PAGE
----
Then, the baby, she's the bio-child of boyfriend and I, from home done "in vitro" process. (no sex).

All of them have called me mom, Maca dad, and GG by his given name+"ey", they call Mimi "auntie". But, the way they relate to all of us is as parents.

From a parenting standpoint we're definitely a quad.

It's been a GODSEND at times.
One thing we have managed to do very well is parenting the kids together.


(ages 19, 15, 11, soon to be 4)
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  #246  
Old 04-20-2011, 01:59 AM
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Mohegan Mohegan is offline
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Originally Posted by Rachelina View Post
Wow....I had no idea that could happen. I did look up my state's Child Protection Act and didn't see anything that would apply to polyamory. As far as I can tell, the state only gets involved in cases of abuse or neglect, but I'll read it more thoroughly later. There was a section called "Household Members" but it was repealed in 1994; I'm curious what it said.

Loving Radiance, it's so good to hear we're not the only ones attempting this kind of arrangement. Maybe I'll have questions for you as things develop further. Thanks everyone!
The things is, like others have said, it doesn't have to include household members for it to still be a reason to remove the children. You need one person who feels what you are doing is unsafe to the kids in anyway, they need one person at child Welfare to listen to them. One person that agrees with the complaint and your kids are gone, then it's up to a judge.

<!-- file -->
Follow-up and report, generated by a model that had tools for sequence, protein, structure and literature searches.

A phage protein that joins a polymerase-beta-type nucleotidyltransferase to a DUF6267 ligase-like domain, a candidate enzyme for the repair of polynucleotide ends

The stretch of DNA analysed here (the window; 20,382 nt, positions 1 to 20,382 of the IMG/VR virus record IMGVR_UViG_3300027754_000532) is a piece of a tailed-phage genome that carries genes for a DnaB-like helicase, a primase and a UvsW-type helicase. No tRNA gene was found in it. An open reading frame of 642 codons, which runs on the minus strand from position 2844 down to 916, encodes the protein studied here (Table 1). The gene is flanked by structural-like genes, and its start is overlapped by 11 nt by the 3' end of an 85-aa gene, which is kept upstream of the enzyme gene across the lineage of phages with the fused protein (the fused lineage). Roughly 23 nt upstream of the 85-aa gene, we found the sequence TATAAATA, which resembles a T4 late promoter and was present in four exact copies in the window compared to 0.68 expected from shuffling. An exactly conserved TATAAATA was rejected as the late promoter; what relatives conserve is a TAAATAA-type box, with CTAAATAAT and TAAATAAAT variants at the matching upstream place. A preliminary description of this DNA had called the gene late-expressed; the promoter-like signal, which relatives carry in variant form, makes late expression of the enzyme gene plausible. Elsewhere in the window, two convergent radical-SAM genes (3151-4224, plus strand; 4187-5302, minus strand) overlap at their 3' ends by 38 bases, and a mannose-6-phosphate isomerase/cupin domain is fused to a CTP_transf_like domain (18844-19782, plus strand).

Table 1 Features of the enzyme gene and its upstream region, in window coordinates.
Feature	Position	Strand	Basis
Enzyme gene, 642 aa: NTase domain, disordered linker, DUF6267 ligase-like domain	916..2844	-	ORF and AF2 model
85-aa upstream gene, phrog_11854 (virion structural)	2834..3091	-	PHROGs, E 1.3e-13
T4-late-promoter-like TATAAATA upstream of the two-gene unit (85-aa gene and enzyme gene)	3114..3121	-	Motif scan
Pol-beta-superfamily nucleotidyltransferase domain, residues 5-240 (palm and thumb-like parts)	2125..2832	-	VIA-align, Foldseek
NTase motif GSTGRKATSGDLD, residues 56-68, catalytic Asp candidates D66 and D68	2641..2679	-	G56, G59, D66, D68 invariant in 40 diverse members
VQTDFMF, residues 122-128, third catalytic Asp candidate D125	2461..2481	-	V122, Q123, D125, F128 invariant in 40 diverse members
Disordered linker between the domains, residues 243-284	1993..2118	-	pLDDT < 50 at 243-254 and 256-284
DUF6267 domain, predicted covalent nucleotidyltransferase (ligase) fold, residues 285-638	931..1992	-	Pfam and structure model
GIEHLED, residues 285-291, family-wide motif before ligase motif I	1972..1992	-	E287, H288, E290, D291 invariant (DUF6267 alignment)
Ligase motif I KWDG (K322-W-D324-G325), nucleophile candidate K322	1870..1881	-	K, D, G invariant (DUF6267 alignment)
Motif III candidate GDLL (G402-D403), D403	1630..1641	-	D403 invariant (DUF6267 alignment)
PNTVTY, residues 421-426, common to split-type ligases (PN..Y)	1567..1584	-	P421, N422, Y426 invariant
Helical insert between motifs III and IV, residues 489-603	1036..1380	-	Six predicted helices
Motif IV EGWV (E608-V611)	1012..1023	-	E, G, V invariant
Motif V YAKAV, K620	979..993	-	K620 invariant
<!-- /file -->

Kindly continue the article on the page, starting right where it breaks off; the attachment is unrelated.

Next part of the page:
Which is why it all depends on where you are and the type of people you associate with.

Also keep in mind that some states will atuomaticaly give paternity to the spouse and to contest that you have to go to court. Doesn't matter what you put on the Birth Certificate, in some states, simply being married constitues paternity. So if a male partner other than a husband were to be the father and want legal guardianship, a paternity test and a judge would have to happen.

When I did my Child Welfare training we were taught to really look at the situation and the child. To acknowledge that different cultures/family styles exist and are not neccesarily damaging. Doesn't mean that everyone will see it that way though.
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  #247  
Old 04-20-2011, 11:40 AM
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MrFarFromRight MrFarFromRight is offline
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Quote:
Originally Posted by Tonberry View Post
Quote:
Originally Posted by Rachelina
Tonberry, I'm curious and alarmed by what you said about people worrying their children could get taken away. Has this happened? This isn't illegal, is it? Could a well-cared for child really be taken away from its two loving parents just because there was a third person involved?
Sadly, it has happened. Seems to be along the lines of "the parents are obviously irresponsible and can't take care of a child" or "it's traumatizing for children to witness such depravity" and things like that.
I don't know how often it has happened or how high the risk is, but I know it has played a part in a lot of people having children or not, or being open or not.
Not only sexual matters. And sometimes it really depends not just on the local laws but on who is your Child Welfare officer. I know of a family in Ireland who were accused of burning their child with lit cigarettes. He was taken into care. The parents went to court and argued that those weren't old cigarette burns: they were chilblains! (Remember that this is in cold, wet Ireland.) The child backed up their version and obviously wanted to return home. If they were bad parents - the kind to put out lit cigarettes on their son - why did the State allow them to maintain custody of their other children???